JIMMY ROBERTSON heads to the Crucible on Saturday determined to make amends for his nightmare debut appearance on snooker’s most famous stage.
Robertson was thrashed 10-1 by Mark Selby at the 2011 Betfred World Championship as, like so many before him, he felt the unique pressure at the game’s most unforgiving venue.
But four years on, the Sussex potter is more hopeful as he prepares to play Marco Fu in the opening session on Saturday morning.
“Hopefully I can perform a bit better this time,” Robertson said. “Last time I was nervy and didn’t settle down. I think this time I’ll be able to relax a bit more.
“I’m older now. I’ve been on the tour for quite a few years so have a bit more experience. I’ll hopefully just play my game and not come across as being under pressure.
“Last time I had a lot of people who came up to support me and it was putting pressure on me because every time I was getting chances they were all shouting out, trying to get me going, but sometimes it can make things worse for you.”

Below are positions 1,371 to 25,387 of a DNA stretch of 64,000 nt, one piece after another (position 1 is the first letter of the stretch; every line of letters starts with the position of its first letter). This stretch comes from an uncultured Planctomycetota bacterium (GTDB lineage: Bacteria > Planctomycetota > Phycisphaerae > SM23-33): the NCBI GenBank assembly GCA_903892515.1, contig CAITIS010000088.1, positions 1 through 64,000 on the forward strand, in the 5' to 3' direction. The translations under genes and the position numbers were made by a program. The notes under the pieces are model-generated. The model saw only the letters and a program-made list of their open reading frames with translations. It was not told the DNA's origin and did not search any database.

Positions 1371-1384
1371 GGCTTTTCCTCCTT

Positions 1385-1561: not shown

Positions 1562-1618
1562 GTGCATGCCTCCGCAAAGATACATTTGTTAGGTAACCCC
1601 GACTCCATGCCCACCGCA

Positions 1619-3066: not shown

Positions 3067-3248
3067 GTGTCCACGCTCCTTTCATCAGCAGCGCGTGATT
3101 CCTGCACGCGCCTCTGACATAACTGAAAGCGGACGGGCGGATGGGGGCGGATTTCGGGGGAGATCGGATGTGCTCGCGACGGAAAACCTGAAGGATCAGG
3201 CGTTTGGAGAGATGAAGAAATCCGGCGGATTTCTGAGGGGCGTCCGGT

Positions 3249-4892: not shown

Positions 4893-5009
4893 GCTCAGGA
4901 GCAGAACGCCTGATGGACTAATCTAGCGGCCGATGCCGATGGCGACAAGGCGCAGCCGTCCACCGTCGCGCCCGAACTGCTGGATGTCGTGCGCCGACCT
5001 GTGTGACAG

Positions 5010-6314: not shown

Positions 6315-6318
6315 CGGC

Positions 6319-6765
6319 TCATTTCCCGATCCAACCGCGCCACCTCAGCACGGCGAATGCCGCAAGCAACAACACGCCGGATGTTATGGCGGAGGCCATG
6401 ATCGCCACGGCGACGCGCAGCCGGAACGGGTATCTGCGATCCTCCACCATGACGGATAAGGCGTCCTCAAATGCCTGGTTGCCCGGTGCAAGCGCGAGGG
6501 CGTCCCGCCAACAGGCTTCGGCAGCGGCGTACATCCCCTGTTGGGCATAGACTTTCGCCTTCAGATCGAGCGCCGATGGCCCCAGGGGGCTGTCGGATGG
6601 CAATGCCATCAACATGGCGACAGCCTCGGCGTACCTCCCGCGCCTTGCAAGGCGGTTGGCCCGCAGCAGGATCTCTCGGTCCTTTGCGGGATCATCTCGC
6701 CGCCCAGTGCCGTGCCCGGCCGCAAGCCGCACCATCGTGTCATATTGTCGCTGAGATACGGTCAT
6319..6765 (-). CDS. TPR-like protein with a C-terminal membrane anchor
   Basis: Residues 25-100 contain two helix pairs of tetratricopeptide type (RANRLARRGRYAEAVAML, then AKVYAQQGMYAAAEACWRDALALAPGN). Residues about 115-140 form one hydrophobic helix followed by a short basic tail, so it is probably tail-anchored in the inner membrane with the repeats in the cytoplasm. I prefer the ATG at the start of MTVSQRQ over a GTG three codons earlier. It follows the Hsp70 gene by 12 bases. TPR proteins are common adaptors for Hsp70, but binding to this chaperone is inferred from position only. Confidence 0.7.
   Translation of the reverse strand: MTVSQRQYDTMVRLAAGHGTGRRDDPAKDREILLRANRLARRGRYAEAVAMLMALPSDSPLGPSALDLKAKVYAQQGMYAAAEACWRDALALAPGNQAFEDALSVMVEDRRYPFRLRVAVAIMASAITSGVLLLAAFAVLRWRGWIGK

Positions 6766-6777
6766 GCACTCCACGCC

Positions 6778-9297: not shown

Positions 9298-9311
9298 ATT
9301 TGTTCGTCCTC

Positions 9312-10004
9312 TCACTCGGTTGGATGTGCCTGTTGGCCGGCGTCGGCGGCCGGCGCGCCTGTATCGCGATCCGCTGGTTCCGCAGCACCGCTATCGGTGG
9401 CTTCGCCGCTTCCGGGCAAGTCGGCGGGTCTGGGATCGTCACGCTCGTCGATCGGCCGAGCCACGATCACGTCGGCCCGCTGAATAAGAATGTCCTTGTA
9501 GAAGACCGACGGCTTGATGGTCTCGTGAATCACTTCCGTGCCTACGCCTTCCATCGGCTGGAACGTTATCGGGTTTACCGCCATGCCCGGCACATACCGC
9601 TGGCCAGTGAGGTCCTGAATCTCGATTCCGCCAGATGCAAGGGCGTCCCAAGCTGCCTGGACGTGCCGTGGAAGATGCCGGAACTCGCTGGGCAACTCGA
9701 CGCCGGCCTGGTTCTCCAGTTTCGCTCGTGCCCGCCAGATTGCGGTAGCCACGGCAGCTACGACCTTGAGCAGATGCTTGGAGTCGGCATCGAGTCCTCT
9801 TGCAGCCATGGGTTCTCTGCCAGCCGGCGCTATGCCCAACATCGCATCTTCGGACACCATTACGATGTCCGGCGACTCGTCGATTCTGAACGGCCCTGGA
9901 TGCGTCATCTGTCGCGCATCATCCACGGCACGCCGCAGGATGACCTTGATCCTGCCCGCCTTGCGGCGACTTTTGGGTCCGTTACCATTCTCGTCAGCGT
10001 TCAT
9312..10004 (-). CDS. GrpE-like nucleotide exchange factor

It may suit Robertson to play first on table 2. All the focus and attention will be next door on table 1 where Selby – Crucible Curse and all – will be facing Kurt Maflin.
Meanwhile, Robertson can go about his business against Marco Fu without quite the same scrutiny, notwithstanding that this is still the World Championship, still the Crucible and there is pressure on everyone.
Robertson was among the skin-of-your-teeth qualifiers, winning a decider against China’s highly rated Xiao Guodong on Wednesday night.
He drove home on Wednesday to see his 17 month-old son, Frankie, before heading back to Sheffield on Friday to take on Fu in the sport’s most iconic venue.
“The Crucible is like nowhere else I’ve ever played and I couldn’t wait to get back there,” Robertson said.
“It can be a daunting place sometimes and it depends on whether you can hold your nerve. If you can then you can give anyone a game.”
Robertson and another qualifier, Mark Davis, both play at O’Sullivan’s, the snooker club in Hastings owned by Robertson. But he has given up late night shifts behind the bar to focus on his playing career.
Robertson said: “Now I have a kid, I didn’t want all the late nights, because we’re away enough playing so I don’t want to be working as well. I’m in five or six days a week practising and spend as much time as I can with Frankie.”
Photographs by Monique Limbos.